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"Paul Jones," Sequenced by Lesley Nelson-Burns.
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The History of "Paul Jones"
"The tune is also known as Paul Jones, the Pirate. It appeared on broadsides almost immediately after the naval action described. Paul Jones, the Pirate: a new song, was printed in 1779. The song was popular in both England and America.

The events described took place near Flamborough Head off Yorkshire on September 23, 1779, when a fleet commanded by John Paul Jones in his flagship, The Bonhomme Richard, met a fleet of British merchantmen escorted by two British men-of-war. During the battle, Captain Pearson, commander of the Serapis, asked John Paul Jones, greatly outgunned, to surrender. Jones responded, "Surrender, be damned. I have not begun to fight." Jones won the battle, but The Bonhomme Richard was so badly damaged it had to be abandoned and Jones sailed the Serapis home.

In the original broadside John Paul Jones' ship is given as "The Percy." Other versions have his frigate various from the Orient and Baltimore. The number of men wounded and killed also varies. A copy of the early broadsides can be found at the Bodleian Library."

Information and music contributed by "Popular Songs In American History," a folk music website by Lesley Nelson. A link is provided on this web page.

Source:
"English Folk-Songs"
Collected and Aranged by
Wm. Alexr. Barrett Novello, Ewer & Co. London, 1891

Click here to see the lyrics to the song.







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Lyrics To "Paul Jones"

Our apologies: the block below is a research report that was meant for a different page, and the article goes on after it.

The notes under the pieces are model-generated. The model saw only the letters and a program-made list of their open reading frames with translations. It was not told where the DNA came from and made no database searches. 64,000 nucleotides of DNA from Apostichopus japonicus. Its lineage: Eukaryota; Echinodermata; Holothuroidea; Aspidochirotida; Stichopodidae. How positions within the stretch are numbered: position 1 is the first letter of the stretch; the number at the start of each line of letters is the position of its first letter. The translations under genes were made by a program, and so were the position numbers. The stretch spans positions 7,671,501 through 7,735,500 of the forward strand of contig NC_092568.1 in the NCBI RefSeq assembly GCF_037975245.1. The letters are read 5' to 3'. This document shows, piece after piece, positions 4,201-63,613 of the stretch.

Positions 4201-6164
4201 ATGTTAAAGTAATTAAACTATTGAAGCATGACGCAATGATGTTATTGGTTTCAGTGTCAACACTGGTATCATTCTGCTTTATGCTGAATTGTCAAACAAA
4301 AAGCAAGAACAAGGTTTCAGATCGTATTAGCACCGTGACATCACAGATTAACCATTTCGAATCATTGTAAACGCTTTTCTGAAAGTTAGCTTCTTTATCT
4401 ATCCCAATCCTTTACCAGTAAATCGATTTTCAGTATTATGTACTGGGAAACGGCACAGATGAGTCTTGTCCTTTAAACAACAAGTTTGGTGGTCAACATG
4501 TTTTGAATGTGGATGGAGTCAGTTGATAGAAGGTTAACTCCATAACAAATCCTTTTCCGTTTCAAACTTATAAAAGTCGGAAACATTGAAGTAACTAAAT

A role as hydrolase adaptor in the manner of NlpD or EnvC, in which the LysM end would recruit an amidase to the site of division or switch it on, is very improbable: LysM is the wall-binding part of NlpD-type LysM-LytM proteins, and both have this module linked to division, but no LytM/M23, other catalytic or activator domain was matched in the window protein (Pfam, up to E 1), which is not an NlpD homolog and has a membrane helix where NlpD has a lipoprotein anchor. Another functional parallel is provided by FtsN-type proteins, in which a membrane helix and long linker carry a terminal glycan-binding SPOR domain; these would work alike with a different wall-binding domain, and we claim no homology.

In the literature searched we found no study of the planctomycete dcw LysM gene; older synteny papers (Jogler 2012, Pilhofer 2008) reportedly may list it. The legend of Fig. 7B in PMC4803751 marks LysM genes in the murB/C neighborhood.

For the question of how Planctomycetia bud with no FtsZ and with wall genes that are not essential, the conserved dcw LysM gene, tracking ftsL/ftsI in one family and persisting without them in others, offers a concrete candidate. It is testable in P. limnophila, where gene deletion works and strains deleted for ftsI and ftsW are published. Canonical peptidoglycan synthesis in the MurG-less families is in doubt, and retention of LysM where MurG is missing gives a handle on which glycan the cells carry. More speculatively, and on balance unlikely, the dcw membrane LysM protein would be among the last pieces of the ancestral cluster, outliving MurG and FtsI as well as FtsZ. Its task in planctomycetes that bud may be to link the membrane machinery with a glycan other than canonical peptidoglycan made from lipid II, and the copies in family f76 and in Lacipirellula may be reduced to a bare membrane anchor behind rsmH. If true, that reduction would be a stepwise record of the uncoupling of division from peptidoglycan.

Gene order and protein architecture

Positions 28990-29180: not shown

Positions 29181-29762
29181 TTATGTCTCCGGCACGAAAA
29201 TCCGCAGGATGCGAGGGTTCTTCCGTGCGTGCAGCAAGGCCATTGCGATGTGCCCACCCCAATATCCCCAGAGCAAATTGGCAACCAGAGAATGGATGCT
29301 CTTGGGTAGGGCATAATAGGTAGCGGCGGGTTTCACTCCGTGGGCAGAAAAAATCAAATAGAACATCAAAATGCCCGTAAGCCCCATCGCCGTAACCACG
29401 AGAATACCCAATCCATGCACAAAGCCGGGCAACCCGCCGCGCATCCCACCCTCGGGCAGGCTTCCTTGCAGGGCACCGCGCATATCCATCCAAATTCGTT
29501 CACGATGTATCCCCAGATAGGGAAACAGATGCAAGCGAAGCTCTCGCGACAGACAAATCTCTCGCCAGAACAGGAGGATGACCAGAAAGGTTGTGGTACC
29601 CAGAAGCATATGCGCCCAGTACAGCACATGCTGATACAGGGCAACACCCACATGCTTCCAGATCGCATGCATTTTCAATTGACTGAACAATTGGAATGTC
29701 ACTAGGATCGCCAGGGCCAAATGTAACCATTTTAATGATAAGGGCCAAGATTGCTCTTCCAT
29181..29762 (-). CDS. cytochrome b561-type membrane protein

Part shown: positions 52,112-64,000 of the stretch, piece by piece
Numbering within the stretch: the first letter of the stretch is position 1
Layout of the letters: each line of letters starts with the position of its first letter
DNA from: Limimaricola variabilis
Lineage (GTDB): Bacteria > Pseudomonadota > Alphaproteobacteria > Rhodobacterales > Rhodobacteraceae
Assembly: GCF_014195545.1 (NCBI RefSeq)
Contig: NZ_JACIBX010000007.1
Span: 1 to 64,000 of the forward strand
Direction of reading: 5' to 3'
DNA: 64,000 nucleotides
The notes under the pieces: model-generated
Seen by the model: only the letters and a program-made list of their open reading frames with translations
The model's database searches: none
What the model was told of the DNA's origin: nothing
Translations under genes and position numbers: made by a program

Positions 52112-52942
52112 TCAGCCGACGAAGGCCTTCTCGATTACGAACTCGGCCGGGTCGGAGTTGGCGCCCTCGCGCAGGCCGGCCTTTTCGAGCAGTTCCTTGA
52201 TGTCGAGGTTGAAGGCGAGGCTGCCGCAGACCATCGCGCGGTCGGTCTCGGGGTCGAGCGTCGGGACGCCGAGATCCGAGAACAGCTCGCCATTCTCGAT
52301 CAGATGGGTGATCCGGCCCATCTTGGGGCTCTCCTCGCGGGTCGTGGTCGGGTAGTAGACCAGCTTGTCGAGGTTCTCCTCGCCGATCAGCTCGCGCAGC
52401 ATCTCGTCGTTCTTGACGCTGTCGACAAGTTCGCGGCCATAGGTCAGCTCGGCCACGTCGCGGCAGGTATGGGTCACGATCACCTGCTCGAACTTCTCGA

It's of an American frigate the "Richard" by name
Mounted forty-four guns, and from New York she came.
A-cruising down the channel of Old England's fame
With a noble commander, Paul Jones was his name.

We had not cruised long before two sails we espies
A large forty-four and a twenty likewise,
Some fifty bright shipping, well loaded with store,
And the convoy stood in for the old Yorkshire shore.

'Bout the hour of twelve we came alongside
With a long speaking trumpet: Whence came you? he cried;
Come, answer me quickly, I'll hail you no more
Or else a broadside into you I will pour.

We fought them four glasses, four glasses so hot,
Till forty bold seamen lay dead on the spot,
And fifty-five more lay bleeding in gore,
While the thundering loud cannons of Paul Jones did roar.

Our carpenter being frighten'd, to Paul Jones he came,
Our ship she leaks water and is likewise in flame,
Paul Jones he made answer, and to him replied,
If we can do no better, we'll sink alongside.

Paul Jones he then turned to his men and did say
Let every man stand the best of his play,
For broadside for broadside they fought on the main
Like true buckskin heroes we return'd it again.

The Serapis wore round our ship for to rake,
And many proud hearts of the English did ache;
The shot flew so hot, and so fierce and so fast,
And the bold British colours were hauled down at last.

Oh now, my brave boys, we have taken a rich prize
A large forty-four and a twenty likewise;
To help the poor mothers that have reason to weep
For the loss of their sons in the unfathomed deep.